But the numbers apparently don’t lie.

@UMBCAthletics only collected 488 engagements on its #ShockTheWorld announcement graphic, but a deeper dive would have revealed that to have been nearly 10 percent of the account’s total following at the time, which was around 5,000. The only teams with a better engagement percentage on their announcement were St. Bonaventure, Loyola and ironically, K-State at 10.2 percent. Yes, UMBC blew past Virginia in this category also.

By the time the Retrievers’ completed their first round win, with the aid of the snark of Zach Seidel at the keyboard, @UMBCAthletics’ following grew by 58,000 in a 12-hour overnight period. By the time UMBC was eliminated by K-State on Sunday, March 18, the account had more than 109,000 followers, an increase of around 21-times its original size in three days.

“From our account, we’ve gotten so many notifications, so many followers and tweets, it’s blown up,” Seidel told INFLCR on two hours of sleep Saturday morning.



Seidel said the increase really began after Jairus Lyles hit the game-winner to beat Vermont in the America East Conference championship to clinch their bid, and then saw another uptick on game day with a screen grab tweet of ESPN’s 1.5 percent chance to win. From there, the account’s personality do the rest.

It’s the personality the account has always had. More people noticed it last night,” Seidel said. “Making sure we’re having a fun, friendly time. Keeping it fun and clean and making people want to follow you to see what the next interesting thing is going to happen.”

Unlike the breed of its mascot, the Retrievers’ tweets were golden.

The engagements skyrocket when you add in mentions from the Baltimore Ravens, Wendy’s, Under Armour, other brands, celebrities and national media – such as this week’s Sports Illustrated digital cover.

Seidel admits one of the challenges of riding the wave will be keep an eye on what is put out by others pretending to be from UMBC in the early days after their run. Take Lyles for example. The star guard, previously not on Twitter, had two fake accounts develop overnight before starting his own, @_jlyles, developed March 17. The UMBC brand ambassador has expanded the program’s reach by 6,000 in three days, more than the school’s athletics account had on March 11.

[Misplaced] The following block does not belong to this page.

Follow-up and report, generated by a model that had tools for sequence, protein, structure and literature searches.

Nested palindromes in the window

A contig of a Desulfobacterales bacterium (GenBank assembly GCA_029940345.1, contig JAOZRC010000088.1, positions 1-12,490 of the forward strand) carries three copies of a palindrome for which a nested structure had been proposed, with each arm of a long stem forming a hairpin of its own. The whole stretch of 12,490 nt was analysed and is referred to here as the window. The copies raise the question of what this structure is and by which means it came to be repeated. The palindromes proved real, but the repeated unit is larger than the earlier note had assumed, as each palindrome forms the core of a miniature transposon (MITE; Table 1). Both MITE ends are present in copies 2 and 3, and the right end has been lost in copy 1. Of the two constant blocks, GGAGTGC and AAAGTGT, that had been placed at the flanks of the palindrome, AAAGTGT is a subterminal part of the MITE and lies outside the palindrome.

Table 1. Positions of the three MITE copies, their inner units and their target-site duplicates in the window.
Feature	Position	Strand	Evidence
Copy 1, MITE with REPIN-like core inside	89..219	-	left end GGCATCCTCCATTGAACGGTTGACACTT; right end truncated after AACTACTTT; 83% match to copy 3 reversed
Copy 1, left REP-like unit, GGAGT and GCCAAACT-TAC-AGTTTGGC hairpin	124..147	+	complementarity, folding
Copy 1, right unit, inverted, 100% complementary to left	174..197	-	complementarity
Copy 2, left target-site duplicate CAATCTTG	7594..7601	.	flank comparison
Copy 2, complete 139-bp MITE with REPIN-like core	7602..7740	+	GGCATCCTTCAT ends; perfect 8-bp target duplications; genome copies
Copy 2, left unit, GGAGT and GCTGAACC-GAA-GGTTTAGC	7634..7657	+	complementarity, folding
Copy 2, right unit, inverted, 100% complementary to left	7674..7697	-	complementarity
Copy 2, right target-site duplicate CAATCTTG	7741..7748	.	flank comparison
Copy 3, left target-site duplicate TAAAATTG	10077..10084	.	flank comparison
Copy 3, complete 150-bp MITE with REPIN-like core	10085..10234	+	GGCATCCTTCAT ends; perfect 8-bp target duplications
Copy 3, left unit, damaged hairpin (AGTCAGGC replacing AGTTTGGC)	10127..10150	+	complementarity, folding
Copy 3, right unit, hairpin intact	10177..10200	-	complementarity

We’ve got to make sure we stay on top of that and make sure there’s no fake accounts or someone pretending to be someone they’re not. We’re going to have to be a little more diligent in looking through Twitter on a daily basis or Instagram and doing more searches for UMBC basketball during the day and making sure the information that’s out there isn’t casting us in a negative light,” said Seidel, UMBC Athletics’ director of multimedia communications.

Influencer (INFLCR) is a solution.

“This is exactly why INFLCR was created,” said Jim Cavale, Founder and CEO of INFLCR. “Our SaaS alleviates the time-consuming workflow of storing, delivering and tracking your digital content assets on social media across all of your brand ambassador channels and not merely your team channels.”

“Teams need to be positioned to capitalize on opportunities like UMBC has right now instead of having to backtrack once the unexpected, good or bad, happens” said INFLCR VP of Client Strategy, Liz Ballard. “To go into the season with a digital and social strategy that centers around influencer marketing with your brand ambassadors (current student-athletes, key alumni, relative media, etc) is essential.”

Entering a championship situation with a plan that your INFLCR account streamlines, not only prevents you from losing momentum but also combats the chance that your brand might lose the opportunity all together in such a fast moving news cycle.”

Seidel says he believes the success UMBC has seen on social media is founded in it’s desire to be intentional, such as deciding to tweet from the more widely followed athletics account instead of the team account, and to move the full-time social media guy into the role of in-game tweeter instead of the sports information director, who had other responsibilities for the game.

“I think it’s important for pro teams, companies, colleges (to have a social media person). It’s tough if you’re doing multiple things. I don’t know how last night would have gone three or four years ago. It’s the day and age in which we live, where you need somebody ready to go on social media at all times,” Seidel said.

Combining that talented person or team, with a social media CRM to manage and execute your team’s influencer marketing strategy, is why our company INFLCR exists. The digital content assets generated from events like March Madness, need to be stored, delivered and tracked in a way that cultivates participation from your brand ambassadors, to grow their brand and yours simultaneously.